Sally McDowell did not know her Columbia baby-sitter had a history of child abuse and neglect.
She says, "I did lots of comparisons, I did drop-by visits and I called for references. In our case, references were not enough."
Her family paid a price because they didn't have all the information.
The state convicted Joanne Palmer of involuntary manslaughter last year in the death of McDowell's child.
He was one of two Columbia infants who died in Palmer's care.
Now, the Missouri senate is considering legislation that would create a child-care hot line in hopes that other children will be safer.
State Senator J.B. "Jet" Banks says, "With this bill, one has the opportunity to know who their baby-sitters are."
The St. Louis Democrat hopes to provide parents with their child-care worker's criminal record.
The health department would set up the hot line and run background checks on participating child-care workers.
Then, anyone could call and check a registered care-giver for a history of child abuse or neglect.
The state would require registration from every child-care worker who is part of a licensed program.
And care-givers employed by the state would participate in the hot line, too. That means at least one-thousand child care workers across the state.
In California, state legislation established a similar hot line in 1992 called the TrustLine.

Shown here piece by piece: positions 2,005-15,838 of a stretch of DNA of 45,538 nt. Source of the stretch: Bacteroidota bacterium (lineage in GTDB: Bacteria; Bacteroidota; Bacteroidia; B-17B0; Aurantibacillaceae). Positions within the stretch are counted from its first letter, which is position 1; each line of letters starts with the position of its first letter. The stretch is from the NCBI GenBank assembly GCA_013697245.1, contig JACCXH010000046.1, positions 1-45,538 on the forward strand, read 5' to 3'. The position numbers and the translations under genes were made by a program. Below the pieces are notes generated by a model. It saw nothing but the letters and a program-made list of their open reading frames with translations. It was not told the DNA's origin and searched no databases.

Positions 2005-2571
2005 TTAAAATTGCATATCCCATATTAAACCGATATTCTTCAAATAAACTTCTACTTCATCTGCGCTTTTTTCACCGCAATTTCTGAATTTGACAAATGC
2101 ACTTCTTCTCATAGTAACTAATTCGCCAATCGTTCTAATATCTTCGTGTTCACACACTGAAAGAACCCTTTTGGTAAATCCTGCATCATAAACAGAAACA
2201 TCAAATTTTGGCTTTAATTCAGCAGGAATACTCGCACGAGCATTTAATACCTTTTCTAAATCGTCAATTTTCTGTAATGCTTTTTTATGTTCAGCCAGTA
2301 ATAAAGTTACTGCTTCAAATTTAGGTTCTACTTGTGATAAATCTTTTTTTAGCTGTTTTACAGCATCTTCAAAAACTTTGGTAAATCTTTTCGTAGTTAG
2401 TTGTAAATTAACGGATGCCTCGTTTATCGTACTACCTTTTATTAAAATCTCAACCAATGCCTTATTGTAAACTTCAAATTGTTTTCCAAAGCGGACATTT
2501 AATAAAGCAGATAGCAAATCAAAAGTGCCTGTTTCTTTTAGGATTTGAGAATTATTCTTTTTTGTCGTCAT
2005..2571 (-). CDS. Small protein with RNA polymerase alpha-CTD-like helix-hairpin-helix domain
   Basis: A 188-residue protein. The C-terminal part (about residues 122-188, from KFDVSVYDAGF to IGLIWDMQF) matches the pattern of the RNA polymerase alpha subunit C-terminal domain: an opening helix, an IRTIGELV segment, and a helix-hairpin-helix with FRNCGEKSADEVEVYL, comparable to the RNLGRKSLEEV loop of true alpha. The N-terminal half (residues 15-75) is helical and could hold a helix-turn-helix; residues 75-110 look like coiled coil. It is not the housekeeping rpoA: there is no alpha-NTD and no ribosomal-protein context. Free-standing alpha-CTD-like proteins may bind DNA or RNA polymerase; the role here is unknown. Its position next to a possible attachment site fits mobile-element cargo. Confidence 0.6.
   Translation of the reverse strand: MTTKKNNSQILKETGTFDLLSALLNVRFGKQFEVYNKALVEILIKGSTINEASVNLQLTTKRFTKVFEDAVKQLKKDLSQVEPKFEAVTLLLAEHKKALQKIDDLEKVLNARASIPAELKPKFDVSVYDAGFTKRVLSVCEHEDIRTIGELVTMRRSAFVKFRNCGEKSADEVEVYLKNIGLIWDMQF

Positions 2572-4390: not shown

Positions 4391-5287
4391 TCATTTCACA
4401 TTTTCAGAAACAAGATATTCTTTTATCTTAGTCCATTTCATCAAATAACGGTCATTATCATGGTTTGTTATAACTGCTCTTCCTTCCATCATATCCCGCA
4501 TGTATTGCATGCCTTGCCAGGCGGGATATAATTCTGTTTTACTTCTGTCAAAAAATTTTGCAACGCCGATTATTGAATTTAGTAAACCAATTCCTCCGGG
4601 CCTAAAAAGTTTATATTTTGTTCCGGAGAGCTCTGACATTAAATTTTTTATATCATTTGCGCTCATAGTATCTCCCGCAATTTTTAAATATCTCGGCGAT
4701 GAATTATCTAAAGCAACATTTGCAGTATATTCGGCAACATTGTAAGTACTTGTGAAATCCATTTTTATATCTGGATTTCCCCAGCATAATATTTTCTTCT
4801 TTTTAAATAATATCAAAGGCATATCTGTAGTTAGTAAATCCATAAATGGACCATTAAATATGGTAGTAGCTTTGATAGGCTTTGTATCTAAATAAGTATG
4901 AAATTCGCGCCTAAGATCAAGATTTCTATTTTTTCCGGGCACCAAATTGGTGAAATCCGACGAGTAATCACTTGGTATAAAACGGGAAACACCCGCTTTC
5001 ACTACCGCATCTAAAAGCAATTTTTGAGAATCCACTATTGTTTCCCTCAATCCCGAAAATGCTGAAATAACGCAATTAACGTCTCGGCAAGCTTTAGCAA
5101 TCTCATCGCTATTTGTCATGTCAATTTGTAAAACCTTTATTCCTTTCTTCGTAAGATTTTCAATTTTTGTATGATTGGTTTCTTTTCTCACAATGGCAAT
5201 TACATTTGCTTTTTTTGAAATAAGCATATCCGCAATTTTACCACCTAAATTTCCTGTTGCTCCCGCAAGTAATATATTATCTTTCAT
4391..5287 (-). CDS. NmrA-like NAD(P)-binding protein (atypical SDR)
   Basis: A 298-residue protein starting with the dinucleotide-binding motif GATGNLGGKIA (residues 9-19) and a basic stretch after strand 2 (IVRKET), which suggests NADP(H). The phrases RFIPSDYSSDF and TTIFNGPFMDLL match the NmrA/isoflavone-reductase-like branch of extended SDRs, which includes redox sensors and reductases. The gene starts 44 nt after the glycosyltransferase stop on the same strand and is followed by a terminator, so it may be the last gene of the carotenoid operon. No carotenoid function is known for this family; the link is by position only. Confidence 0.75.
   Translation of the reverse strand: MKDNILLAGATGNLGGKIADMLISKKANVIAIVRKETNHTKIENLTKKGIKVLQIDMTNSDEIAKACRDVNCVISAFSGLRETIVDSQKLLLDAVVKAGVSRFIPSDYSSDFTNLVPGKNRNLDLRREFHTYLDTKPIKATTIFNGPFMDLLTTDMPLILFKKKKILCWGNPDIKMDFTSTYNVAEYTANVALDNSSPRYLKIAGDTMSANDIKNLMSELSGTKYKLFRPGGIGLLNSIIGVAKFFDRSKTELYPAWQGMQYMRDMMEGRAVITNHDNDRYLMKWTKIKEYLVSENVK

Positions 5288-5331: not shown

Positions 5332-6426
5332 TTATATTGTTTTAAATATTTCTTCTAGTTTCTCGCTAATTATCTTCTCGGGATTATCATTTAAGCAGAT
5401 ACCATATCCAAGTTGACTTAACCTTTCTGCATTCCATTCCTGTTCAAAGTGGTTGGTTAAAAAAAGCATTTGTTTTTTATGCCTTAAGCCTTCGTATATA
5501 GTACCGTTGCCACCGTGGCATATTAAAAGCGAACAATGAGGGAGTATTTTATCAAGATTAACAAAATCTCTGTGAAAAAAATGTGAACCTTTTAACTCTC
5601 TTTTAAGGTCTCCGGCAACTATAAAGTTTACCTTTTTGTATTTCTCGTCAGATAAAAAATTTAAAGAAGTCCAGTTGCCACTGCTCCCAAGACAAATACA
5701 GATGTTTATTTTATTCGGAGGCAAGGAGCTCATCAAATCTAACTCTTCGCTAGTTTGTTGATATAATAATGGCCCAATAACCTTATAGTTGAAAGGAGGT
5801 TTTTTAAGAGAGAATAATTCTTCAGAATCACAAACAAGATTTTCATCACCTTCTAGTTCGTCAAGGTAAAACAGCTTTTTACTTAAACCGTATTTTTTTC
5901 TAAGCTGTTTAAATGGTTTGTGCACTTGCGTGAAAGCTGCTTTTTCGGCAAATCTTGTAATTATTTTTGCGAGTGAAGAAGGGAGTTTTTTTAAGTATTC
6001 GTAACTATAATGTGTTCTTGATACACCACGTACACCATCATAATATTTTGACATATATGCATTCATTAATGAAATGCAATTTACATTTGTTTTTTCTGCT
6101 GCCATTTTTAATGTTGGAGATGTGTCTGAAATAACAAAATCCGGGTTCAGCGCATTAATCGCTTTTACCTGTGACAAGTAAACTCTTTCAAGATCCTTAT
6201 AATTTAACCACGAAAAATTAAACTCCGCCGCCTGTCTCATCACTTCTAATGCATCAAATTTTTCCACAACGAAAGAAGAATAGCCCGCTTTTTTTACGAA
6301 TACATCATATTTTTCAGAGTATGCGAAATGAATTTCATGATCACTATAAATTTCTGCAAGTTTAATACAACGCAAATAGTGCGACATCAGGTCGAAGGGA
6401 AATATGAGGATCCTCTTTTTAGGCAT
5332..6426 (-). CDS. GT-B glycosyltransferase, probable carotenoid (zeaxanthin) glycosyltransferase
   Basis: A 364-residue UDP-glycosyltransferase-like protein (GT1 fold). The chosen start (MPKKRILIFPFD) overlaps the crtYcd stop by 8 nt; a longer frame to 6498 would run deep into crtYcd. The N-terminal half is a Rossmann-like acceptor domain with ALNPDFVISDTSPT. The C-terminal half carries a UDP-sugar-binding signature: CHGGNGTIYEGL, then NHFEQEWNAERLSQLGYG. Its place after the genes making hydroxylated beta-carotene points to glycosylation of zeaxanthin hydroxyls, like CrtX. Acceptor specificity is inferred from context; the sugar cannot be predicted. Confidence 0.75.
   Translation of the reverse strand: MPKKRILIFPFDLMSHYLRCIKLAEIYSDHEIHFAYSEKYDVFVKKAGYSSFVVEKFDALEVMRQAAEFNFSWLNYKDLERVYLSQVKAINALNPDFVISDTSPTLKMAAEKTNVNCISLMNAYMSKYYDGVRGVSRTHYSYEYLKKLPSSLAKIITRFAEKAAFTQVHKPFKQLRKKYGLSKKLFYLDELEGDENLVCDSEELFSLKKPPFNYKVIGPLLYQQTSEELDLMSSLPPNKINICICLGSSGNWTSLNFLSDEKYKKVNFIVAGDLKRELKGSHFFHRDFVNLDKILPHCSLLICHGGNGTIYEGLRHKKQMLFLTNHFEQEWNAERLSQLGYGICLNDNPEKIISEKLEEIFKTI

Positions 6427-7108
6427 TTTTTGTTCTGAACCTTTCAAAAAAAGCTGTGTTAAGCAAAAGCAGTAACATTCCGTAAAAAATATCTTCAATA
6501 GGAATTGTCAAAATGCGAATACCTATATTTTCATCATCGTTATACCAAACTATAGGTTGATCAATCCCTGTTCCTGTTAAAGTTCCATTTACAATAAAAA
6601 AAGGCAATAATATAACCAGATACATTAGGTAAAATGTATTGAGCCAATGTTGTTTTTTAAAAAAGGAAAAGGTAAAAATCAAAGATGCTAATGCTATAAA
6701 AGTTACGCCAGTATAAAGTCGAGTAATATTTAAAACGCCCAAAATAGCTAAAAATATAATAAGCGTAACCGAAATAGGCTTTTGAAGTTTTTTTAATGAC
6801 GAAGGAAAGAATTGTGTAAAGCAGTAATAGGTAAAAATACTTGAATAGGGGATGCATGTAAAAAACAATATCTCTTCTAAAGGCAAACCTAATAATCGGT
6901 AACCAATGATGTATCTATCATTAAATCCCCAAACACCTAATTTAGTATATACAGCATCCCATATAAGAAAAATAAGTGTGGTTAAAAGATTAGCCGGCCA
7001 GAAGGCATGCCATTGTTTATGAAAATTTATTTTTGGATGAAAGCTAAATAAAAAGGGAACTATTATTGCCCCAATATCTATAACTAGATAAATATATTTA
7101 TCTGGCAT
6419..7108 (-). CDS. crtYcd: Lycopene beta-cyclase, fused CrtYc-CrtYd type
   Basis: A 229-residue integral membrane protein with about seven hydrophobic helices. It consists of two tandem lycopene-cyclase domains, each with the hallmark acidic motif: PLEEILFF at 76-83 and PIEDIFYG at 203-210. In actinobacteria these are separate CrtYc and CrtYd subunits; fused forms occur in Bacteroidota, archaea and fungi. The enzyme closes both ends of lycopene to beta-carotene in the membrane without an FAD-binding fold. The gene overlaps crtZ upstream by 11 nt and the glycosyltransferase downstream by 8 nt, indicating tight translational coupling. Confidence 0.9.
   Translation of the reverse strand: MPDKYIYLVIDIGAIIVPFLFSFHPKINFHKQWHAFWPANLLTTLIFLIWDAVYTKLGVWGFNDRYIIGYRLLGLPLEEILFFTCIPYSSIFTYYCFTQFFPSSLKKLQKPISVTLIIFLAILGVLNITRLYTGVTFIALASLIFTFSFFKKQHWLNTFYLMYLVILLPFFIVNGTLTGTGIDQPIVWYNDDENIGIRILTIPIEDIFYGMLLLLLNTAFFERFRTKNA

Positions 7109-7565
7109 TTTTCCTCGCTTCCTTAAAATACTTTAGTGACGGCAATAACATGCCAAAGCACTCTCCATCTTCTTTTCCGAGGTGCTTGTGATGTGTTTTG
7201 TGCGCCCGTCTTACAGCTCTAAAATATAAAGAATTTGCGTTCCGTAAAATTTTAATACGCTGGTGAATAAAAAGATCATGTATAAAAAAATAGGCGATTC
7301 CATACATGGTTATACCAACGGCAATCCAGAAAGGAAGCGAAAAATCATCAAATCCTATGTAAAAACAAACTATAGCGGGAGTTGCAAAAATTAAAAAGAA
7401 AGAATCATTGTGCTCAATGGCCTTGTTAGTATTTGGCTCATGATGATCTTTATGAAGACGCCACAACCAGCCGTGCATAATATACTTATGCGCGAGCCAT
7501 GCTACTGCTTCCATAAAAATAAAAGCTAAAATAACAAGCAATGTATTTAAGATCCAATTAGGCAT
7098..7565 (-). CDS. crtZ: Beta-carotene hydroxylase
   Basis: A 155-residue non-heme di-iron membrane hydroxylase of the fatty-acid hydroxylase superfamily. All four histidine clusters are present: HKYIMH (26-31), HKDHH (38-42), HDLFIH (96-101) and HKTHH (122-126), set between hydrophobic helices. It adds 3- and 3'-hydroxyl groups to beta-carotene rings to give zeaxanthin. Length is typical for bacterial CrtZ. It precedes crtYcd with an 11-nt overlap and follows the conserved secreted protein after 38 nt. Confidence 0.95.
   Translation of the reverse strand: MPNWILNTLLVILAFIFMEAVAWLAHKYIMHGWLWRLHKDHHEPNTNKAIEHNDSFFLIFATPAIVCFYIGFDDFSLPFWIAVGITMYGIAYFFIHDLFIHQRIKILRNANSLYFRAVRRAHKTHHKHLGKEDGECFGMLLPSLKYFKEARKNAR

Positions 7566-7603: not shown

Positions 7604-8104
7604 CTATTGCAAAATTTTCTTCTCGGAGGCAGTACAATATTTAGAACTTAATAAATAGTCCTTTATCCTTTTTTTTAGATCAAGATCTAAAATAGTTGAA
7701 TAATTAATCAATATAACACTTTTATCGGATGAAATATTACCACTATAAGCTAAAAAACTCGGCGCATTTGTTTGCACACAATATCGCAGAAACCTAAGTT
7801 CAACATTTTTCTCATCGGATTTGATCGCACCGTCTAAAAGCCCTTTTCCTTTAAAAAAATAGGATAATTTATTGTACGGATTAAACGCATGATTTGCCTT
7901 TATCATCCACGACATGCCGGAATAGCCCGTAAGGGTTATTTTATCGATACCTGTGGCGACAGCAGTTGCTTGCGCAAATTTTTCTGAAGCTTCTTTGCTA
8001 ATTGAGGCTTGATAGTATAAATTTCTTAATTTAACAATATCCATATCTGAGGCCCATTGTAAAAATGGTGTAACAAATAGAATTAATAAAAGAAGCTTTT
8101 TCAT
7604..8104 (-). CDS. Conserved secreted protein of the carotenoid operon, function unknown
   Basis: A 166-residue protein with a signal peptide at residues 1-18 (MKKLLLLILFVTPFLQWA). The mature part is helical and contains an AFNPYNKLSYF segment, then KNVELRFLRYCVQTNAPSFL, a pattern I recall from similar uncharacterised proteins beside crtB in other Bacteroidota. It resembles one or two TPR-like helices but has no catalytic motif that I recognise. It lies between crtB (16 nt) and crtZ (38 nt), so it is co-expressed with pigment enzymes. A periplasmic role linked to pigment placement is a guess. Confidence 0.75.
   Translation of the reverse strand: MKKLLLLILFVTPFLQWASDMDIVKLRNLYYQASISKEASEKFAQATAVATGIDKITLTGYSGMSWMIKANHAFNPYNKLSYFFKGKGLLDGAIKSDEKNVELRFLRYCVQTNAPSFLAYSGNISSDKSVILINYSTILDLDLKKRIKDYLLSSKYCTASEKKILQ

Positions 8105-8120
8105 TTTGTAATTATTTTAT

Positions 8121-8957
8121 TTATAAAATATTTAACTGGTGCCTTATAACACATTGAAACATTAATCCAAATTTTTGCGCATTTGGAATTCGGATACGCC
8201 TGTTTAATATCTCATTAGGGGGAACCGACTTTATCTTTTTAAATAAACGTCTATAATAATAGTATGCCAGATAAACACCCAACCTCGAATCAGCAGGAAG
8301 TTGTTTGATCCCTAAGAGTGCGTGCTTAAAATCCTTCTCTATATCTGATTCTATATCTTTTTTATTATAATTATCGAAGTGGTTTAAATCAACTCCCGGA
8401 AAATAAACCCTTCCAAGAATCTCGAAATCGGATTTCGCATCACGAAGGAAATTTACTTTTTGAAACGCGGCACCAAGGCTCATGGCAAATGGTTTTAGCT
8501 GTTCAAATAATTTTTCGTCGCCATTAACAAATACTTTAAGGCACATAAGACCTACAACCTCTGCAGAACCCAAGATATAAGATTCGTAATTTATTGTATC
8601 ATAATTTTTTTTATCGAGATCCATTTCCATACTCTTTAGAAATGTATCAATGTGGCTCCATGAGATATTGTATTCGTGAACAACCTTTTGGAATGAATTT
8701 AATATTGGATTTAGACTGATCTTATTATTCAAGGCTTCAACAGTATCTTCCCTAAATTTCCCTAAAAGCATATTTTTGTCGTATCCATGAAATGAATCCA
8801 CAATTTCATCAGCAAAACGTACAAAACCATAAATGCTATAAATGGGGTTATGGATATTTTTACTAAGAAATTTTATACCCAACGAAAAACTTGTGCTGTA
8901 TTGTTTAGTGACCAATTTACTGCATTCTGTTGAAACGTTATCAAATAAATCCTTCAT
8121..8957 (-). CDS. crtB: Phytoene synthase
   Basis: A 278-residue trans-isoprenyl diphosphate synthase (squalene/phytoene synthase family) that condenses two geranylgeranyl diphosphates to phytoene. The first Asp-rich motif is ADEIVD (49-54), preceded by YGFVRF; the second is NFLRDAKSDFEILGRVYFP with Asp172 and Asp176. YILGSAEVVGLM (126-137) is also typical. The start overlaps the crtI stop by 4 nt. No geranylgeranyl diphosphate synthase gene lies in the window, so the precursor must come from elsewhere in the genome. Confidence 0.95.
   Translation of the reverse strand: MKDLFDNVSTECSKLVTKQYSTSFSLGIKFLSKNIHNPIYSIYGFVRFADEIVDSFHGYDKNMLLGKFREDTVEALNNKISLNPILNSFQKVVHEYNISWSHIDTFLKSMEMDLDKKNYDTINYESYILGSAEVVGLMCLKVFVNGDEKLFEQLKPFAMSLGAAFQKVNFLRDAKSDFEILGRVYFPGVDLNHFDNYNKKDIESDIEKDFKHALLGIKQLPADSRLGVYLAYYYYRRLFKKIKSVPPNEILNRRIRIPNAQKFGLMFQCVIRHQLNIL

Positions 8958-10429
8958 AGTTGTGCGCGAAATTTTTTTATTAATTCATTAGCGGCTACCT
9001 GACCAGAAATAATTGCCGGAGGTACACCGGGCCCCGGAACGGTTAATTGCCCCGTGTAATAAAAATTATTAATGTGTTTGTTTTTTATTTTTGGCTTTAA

Cindy Swanson, program manager of TrustLine, says their registry contains more than 25-thousand child-care workers...and it receives an average of 20 calls every day.
Swanson says so far, the TrustLine is successful, and child-care providers are responding positively but she says the TrustLine also works as a deterrent for offenders.
She says, "The two things that we've seen happen are that they screen themselves out, by withdrawing from the business of child care, or they become more honest, offering information about themselves."
The service costs the state money...the state pays hot line fees for the child-care providers it employs.
In Missouri, Banks says neither the state nor the taxpayers would pay for the hot line. The costs would be self-contained...the child-care workers would pay a fee to participate each year.
Maryann Pabst is the project director at Child Care Connection in Columbia.
She says, "This sounds like a step in the right direction. It's important that we don't have people who have no business caring for children in those positions."
Pabst is part of the state's program that helps parents find child care.
She says the hot line could work, as long as it goes along with the existing program.
However, she says one major problem in the child-care community is that parents are not aware of many existing resources and awareness is the first step towards safer child care.
She says, "The burden always rests on the parents' shoulder to make a good decision...but parents must have the right tools and information."
McDowell says the hot line could be one way for parents to make safer decisions when it comes to finding a child-care provider.
But she says the hot line must come with publicity that lets parents know they can call.
Swanson says the TrustLine is launching a publicity campaign this spring. They will advertise on radio and television with public service announcements.
She says they tell parents about the hot line service early on...at gynecology offices, Lamaze classes and at the pediatrician's office.
She says, "When you're first having the baby, we're sending the information home in a packet from the hospital."
McDowell says any informational resource like the hot line is good, but she says, "I think it's going to take community awareness to make it work."
The state senate is now debating the hot line legislation.